The Struggle for the Throne

After Bruce's coronation at Scone, on Friday 25th of March 1306, Edward of England at first refused to believe the reports coming south. Upon realization that the reports were correct Edward appointed Aymer de Valence his lieutenant for Scotland on 5th April 1306. De Valence was given the power to 'raise dragon'. This meant unfurling the dragon banner which showed that no quarter would be given. De Valence was a cousin of Edward as well as brother in law to the murdered Comyn, giving him the personal desire to destroy Bruce.

Aymer de Valence was not slow to make a start, he captured Bishop Lamberton at Kinross and then moved on to Cupar where he took Bishop Wishart of Glasgow, both were sent south in irons. De Valence then moved on to camp inside the walls of Perth, at that time a strongly walled town. On the 18th of June Bruce moved against the English forces by approaching Perth and challenging de Valence to come out and do battle or surrender the town. De Valence replied that the day being a Sunday, he would be happy to comply the next day. The Scots force withdrew a few miles west to Methven to camp for the night. As they were settling down and preparing an evening meal English cavalry burst through the trees in a surprise attack scattering the Scots forces. Methven turned into a complete rout for Bruce's forces, Bruce himself barely escaping. Many of the Scot's knights were captured and executed.

The survivors including Douglas made their way west, passing the Abbey of Inchaffray where the Abbot Maurice gave his assistance to the fugitives, guiding them west along Loch Earnside, then north into Glen Ogle dropping down into Glen Dochart. Here near the shrine of St Fillan the small band gained a brief respite from the pursuing English.

It did not take long for news of the defeat at Methven and the location of the small band of survivors to reach the ears of Bruce's enemies. John McDougall of Lorne attacked the band at Dail Righ (Dalry) and the defenders had to fight a rearguard action in order to escape. After this Bruce split his group, the women being given the horses and sent under the Earl of Atholl's protection to Kildrummy castle, held by Bruces brother Nigel. The rest took to foot making their way to Loch Lomond then to the west coast.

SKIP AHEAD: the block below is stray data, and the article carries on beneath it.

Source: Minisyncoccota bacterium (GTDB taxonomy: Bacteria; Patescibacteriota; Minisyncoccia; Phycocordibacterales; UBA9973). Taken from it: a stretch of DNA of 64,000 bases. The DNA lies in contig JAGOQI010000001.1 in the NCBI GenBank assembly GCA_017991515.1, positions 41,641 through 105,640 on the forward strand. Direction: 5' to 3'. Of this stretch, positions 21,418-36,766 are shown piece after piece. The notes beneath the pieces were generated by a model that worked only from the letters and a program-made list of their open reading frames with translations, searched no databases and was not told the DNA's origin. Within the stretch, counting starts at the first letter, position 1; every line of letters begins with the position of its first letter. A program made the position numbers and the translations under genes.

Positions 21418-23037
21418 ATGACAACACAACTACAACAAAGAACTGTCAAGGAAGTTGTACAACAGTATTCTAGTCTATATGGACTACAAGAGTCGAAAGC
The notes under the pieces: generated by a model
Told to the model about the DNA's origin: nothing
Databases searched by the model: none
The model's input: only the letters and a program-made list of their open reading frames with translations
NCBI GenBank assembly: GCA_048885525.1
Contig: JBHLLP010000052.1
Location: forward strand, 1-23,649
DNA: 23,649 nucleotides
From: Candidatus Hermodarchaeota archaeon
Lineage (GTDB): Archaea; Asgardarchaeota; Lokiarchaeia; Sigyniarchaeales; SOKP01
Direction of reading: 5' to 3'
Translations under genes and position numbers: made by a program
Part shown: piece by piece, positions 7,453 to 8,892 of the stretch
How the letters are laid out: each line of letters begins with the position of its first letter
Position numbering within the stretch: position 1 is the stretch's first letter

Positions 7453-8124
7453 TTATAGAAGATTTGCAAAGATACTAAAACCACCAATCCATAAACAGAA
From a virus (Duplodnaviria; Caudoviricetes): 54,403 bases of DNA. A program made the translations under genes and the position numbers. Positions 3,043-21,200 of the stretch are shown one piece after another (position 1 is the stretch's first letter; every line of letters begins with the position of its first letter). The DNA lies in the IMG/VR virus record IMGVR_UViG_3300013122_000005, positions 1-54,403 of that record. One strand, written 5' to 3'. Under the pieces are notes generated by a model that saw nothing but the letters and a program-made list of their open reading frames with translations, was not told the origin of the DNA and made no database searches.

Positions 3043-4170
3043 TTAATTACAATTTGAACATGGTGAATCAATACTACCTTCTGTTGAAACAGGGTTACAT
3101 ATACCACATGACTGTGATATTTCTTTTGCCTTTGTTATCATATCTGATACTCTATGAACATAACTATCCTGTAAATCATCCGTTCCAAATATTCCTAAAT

It was at this time that Douglas began to make his presence felt. He became the main provider of food for the group and established a close bond with the King. Reaching Loch Lomond it was Douglas who found the half sunken boat that enabled the men to cross the loch, two at a time. Douglas and the Bruce being the first two to cross. Once across the Loch, Bruce split the party in two giving command of one half to the twenty year old Douglas. Nothing much is known of Douglas's movements until early 1307 when according to Barbour James Douglas 'wes angry that thai so lang suld ydill ly' and went to the Isle of Arran along with Robert Boyd. There they ambushed a squadron sent to reinforce the English held castle at Brodick and gained many supplies of arms and armour. Whether by chance or design Bruce also landed on Arran at this time, upon blowing his horn it was recognised by Douglas and they were reunited.

From this point Bruce instead of fleeing went on the attack. By the spring of 1307 he had gathered sufficient strength to consider an attack on the Ayreshire coast along with a diversionary attack in Galloway. The Galloway force was led by Sir Reginald de Crawford along with Bruce's two younger brothers Thomas and Alexander. Unfortunately this force was ambushed by local forces under the command of Dungall Macdouall and all three leaders taken captive and later hung drawn and quartered at Carlisle. Meanwhile Bruce had sent a man named Cuthbert to the mainland to spy out the Turnberry area and was waiting for a signal fire to be lit signaling that conditions were favourable. One night on spotting the signal the assault was launched. Cuthbert met Bruce in an agitated state, what had been seen was an accidental fire not his signal. The local populace were cowed and Turnberry castle was garrisoned by Henry Percy, one of Englands greatest commanders. A decision had to be made, retreat or carry on. With nothing left to lose it was decided to attack. With a large garrison there was not room in the castle for all the soldiers, many were billetted in houses in the village. These were set upon and all slaughtered except one who roused the castle, however not knowing the size of the force opposing him Percy sat tight in the safety of the castle. Bruce captured many supplies including war horses and made off into the depths of the Carrick hills